WF/TZN: While Stargirl got a fair amount of screen time on the show, Crimson Avenger had only one line and two appearances—was it hard to come up with the demeanor and stylings of him?
HALL: I am a HUGE Golden Age fan. The Golden Age Justice Society is my favorite group of superheroes of all time (you’ll notice that after the first page, the story really only features JSA’ers or golden age related characters — and there’s an appearance by the elder Wesley Dodds and a cool nod to the golden age Sandman, one of my two favorite comic book character of all time, Martian Manhunter is the other). And I just love that time period in general.
So I kept in mind that Crimson Avenger is a hero from another era (we’ll keep that era vague though, since if it was the 40’s he’d be over 80 now, but maybe he’s been de-aged a bit like the JSA’ers were in the comics at some point), and here he is surrounded not only by a bunch of heroes in their absolute prime, many with extraordinary powers and/or high-tech weapons, but also this young girl upstart whose presence would be kind of foreign to him. How could he not feel a bit threatened or obsolete? Sure, he’s a superhero, but he’s also human, you know? He’s an old guy with a couple of guns (sure Nemesis just has a gun, but he’s a young guy in his prime, at least — and I realize Wildcat is an older hero too, but he’s physically a lot tougher than Crimson Avenger, being the former heavyweight champion, and I don’t see him being quite as old as the Crimson Avenger), and here’s this young girl who seems to not have much respect for her elders and has all this power at her fingertips and could use a good dose of responsibility. The two of them are almost like the Odd Couple of the JLU! At its most basic level, it’s a look at the generational gap — and the characters have the unique opportunity to see what things are like on the other side.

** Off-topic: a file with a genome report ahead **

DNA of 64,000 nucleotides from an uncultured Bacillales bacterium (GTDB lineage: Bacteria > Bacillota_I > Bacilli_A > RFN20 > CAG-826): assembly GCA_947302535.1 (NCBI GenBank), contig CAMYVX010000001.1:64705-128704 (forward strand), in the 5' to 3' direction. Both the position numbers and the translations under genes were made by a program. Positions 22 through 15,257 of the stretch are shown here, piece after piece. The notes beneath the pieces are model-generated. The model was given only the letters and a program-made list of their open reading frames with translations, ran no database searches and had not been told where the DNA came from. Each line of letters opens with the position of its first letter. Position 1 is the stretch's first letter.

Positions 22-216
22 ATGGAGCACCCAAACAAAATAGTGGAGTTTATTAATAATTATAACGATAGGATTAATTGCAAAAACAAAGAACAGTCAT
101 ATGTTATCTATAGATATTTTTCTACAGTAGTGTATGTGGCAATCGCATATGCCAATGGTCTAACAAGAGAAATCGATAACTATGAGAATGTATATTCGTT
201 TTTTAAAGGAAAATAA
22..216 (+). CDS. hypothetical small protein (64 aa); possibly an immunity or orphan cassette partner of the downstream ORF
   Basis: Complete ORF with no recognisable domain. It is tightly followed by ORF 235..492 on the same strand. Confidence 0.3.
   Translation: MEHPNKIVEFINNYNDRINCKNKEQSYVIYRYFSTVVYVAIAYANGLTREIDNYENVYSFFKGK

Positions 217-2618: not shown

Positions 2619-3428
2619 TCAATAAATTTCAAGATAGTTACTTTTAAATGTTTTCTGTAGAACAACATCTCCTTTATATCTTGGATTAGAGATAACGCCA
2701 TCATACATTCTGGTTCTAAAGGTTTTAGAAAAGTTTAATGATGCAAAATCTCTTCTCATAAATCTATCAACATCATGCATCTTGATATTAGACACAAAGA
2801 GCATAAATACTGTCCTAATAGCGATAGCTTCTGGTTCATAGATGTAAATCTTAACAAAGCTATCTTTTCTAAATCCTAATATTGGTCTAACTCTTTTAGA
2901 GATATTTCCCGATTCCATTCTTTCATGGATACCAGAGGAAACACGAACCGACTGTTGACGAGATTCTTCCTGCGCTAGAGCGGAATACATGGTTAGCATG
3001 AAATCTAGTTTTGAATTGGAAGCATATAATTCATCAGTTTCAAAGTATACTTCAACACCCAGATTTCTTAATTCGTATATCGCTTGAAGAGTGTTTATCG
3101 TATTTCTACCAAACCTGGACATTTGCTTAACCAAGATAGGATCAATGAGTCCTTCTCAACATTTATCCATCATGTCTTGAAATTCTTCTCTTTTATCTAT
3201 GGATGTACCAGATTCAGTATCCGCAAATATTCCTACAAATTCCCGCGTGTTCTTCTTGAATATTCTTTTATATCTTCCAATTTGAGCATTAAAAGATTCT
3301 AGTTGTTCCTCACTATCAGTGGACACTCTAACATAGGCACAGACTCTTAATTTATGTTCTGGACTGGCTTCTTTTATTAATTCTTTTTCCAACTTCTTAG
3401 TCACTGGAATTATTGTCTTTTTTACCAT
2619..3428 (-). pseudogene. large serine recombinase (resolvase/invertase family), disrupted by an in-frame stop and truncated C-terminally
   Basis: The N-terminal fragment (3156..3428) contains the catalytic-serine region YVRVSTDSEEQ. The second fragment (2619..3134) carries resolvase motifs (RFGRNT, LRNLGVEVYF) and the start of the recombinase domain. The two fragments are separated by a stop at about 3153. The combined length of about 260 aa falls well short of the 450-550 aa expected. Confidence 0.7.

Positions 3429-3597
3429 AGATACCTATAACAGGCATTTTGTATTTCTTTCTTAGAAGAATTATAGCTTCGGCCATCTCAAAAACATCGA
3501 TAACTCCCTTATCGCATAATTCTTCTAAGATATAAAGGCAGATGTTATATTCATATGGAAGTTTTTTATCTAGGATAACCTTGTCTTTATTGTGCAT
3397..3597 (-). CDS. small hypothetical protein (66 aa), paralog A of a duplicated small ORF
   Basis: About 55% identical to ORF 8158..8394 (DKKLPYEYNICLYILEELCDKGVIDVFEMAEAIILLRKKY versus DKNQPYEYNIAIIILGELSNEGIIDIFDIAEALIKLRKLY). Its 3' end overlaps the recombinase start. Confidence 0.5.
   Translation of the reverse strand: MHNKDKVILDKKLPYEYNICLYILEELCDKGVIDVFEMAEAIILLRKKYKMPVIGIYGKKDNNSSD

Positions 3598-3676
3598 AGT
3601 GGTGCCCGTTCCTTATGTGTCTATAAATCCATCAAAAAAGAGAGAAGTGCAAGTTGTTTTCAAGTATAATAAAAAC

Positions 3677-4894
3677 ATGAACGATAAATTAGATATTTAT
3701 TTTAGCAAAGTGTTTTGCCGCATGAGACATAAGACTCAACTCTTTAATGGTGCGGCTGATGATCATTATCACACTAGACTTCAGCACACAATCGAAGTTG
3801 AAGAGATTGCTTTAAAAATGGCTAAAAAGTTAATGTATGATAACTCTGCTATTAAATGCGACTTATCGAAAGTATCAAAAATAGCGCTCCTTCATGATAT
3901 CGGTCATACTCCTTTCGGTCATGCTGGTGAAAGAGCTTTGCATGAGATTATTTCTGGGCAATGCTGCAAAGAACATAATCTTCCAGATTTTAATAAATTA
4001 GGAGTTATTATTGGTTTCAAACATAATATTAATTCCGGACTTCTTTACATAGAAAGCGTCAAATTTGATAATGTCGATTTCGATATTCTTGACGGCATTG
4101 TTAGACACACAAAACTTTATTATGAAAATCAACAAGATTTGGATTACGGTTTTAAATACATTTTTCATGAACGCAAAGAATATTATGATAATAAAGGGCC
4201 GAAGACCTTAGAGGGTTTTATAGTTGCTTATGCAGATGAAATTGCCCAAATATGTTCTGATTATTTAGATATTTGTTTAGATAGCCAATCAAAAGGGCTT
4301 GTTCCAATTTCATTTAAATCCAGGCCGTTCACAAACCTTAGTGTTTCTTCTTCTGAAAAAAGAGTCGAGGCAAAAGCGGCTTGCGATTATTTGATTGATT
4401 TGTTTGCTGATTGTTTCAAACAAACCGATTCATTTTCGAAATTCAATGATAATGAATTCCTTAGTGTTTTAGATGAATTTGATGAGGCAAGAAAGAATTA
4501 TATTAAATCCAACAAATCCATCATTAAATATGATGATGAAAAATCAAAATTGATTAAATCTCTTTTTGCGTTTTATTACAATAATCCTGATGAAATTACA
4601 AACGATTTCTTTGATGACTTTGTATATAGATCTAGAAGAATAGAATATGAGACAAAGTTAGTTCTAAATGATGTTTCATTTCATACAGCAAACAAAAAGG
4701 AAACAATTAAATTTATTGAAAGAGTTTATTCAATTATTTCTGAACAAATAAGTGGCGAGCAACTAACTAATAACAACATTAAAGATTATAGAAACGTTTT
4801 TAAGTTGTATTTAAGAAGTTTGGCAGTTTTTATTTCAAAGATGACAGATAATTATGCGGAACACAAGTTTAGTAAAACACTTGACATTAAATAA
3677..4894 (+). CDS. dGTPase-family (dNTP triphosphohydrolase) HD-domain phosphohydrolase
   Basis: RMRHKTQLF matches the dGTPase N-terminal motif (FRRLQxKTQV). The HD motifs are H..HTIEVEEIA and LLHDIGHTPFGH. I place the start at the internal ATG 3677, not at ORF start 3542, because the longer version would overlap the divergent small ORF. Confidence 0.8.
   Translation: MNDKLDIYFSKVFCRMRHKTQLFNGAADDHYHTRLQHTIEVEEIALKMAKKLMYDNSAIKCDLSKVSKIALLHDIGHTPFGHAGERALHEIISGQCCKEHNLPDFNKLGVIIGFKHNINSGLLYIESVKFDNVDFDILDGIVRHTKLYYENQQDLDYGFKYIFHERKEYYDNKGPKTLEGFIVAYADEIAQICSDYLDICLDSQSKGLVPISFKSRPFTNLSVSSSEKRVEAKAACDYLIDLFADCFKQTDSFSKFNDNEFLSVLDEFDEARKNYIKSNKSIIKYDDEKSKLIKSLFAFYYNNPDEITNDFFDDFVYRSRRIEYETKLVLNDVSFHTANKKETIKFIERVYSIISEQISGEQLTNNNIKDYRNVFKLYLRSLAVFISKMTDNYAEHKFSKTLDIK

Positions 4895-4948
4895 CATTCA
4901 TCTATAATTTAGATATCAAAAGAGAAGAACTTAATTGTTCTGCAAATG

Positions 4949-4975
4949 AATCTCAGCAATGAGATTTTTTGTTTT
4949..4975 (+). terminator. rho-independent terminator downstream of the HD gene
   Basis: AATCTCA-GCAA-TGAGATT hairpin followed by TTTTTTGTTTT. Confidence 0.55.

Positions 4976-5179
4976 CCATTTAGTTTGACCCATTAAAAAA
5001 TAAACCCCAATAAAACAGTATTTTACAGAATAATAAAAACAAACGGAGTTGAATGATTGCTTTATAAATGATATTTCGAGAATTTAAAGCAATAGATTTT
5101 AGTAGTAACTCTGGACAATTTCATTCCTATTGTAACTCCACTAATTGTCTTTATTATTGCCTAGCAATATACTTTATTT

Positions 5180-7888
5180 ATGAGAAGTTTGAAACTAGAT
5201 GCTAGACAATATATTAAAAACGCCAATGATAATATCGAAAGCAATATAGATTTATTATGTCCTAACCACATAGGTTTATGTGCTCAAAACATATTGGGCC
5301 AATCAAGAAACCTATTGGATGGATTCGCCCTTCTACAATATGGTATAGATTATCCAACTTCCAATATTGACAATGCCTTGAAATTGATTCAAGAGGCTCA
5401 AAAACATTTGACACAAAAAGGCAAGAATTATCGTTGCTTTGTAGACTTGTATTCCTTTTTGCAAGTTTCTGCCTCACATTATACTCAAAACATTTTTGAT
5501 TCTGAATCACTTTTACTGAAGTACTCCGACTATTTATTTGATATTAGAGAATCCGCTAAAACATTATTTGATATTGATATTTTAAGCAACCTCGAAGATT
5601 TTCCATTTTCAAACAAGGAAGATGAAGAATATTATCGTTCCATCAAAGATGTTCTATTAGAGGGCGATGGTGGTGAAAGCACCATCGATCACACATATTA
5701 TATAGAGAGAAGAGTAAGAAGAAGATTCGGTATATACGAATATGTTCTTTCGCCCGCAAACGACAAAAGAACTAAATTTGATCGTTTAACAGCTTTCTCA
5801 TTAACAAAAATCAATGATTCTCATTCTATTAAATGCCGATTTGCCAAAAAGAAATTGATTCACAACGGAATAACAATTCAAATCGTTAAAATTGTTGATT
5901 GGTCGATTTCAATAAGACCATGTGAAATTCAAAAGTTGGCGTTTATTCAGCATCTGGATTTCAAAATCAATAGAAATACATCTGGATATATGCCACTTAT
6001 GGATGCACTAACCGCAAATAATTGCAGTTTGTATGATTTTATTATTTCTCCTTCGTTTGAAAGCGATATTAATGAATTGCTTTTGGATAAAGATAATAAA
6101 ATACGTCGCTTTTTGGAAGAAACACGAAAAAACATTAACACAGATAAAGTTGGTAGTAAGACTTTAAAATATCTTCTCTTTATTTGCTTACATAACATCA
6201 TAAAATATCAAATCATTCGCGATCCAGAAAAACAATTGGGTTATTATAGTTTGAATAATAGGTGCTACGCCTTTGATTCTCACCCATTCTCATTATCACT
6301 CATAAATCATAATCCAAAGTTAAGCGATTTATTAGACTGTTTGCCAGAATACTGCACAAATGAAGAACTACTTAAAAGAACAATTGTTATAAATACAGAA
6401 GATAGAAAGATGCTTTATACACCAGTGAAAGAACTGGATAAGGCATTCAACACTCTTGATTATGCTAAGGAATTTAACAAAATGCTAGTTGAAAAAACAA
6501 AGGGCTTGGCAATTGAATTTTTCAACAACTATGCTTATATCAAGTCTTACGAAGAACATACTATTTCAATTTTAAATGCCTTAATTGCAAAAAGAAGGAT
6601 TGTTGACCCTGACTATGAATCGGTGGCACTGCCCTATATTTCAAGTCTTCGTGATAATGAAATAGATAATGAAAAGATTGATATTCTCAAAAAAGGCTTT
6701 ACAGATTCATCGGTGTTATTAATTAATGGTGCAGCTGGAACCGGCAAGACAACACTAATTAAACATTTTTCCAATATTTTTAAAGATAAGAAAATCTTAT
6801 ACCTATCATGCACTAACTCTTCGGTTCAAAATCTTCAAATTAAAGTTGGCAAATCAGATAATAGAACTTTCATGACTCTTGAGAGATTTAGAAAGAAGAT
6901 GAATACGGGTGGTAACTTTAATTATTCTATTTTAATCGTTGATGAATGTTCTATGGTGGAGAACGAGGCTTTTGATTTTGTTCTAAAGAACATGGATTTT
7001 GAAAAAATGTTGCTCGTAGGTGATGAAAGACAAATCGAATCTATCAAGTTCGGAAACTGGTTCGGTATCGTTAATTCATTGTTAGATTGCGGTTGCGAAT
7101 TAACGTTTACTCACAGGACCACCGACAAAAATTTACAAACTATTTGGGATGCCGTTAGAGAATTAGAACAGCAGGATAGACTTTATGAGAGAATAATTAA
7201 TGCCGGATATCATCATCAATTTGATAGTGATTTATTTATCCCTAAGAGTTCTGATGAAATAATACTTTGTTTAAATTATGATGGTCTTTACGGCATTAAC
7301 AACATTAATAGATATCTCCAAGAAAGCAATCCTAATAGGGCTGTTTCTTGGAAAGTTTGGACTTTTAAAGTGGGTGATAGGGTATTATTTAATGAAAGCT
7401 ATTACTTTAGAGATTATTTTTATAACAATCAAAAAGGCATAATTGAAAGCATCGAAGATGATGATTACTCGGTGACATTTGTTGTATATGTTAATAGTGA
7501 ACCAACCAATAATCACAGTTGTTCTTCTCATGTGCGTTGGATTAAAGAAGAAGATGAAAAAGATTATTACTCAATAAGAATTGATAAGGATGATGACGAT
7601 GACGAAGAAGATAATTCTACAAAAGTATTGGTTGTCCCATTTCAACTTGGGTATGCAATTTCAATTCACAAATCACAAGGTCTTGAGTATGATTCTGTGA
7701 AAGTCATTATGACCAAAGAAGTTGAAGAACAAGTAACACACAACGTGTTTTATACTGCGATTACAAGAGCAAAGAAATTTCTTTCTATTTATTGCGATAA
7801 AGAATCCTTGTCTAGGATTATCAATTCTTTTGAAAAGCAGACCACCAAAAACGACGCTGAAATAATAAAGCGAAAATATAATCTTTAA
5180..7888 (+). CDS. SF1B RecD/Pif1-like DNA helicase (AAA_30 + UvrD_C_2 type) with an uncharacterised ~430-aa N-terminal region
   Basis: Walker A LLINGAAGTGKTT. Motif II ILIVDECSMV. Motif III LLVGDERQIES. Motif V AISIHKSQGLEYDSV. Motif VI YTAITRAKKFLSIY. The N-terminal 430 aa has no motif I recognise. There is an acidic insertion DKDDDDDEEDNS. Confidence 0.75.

Stargirl definitely has had more “screen time” — even in the comics (I believe she’s even featured in the issue prior to mine — though creators don’t have anything to do with the scheduling of the issues). So I stayed true to her character as portrayed on the show and built from there. In my story, she’s kind of a punk at first! But I like to think she’s a different person by the end of the story — and a better hero for it.
WF/TZN: Morgaine le Fay’s situation in this issue picks right up where it left off in “Kid Stuff.” Did you have an idea of immediately how to bring her and Mordred back after seeing “Kid Stuff” or did that happen during the course of writing the issue?
HALL: With my first Mr. Freeze story, I had the basic idea for that as soon as I finished watching “Heart of Ice” after it first aired. But with this one, the idea didn’t come to me when watching the episode. But I did have it in mind even in that first brief pitch for the story. When I knew I was proposing the idea of Crimson Avenger and Stargirl switching bodies, I took a look at the list of villains from the show, and it only seemed natural to use Morgaine le Fay and Mordred, since his predicament semi-mirrored the situation. And his and his mother’s ultimate fates in my story were a perfect fit. Plus, it was another way to tie in with continuity from the show, which, as you know, I love to do!
WF/TZN: What gave you the idea of taking these two characters that haven’t interacted much and switching their bodies?
HALL: That was an easy one. When looking at the JLU cast of characters, they were the oldest and the youngest (at least, that’s how I was seeing it), and the idea just presented itself. Sure, it’s a plot device we’ve seen before in fiction, but I like to think I did something original in how I presented it.
WF/TZN: Were there any elements of the story that were changed or left out during the course of writing the issue?
HALL: There was only one thing that changed. On the first page, there are three panels showing some past adventures. Originally, in the first panel, it featured an appearance of the Legion of Superheroes that tied in subtly with my story from Justice League Adventures #28 and the Legion’s appearance on JLU. But with the new Legion cartoon (and comic based on it) coming out, the editor at the time wanted to refrain from using the Legion in JLU. So then I came up with the Titano panel instead (with some more cool little visual nods to S:TAS continuity!). But, hey, as a little bonus, I present to you the original script for that panel: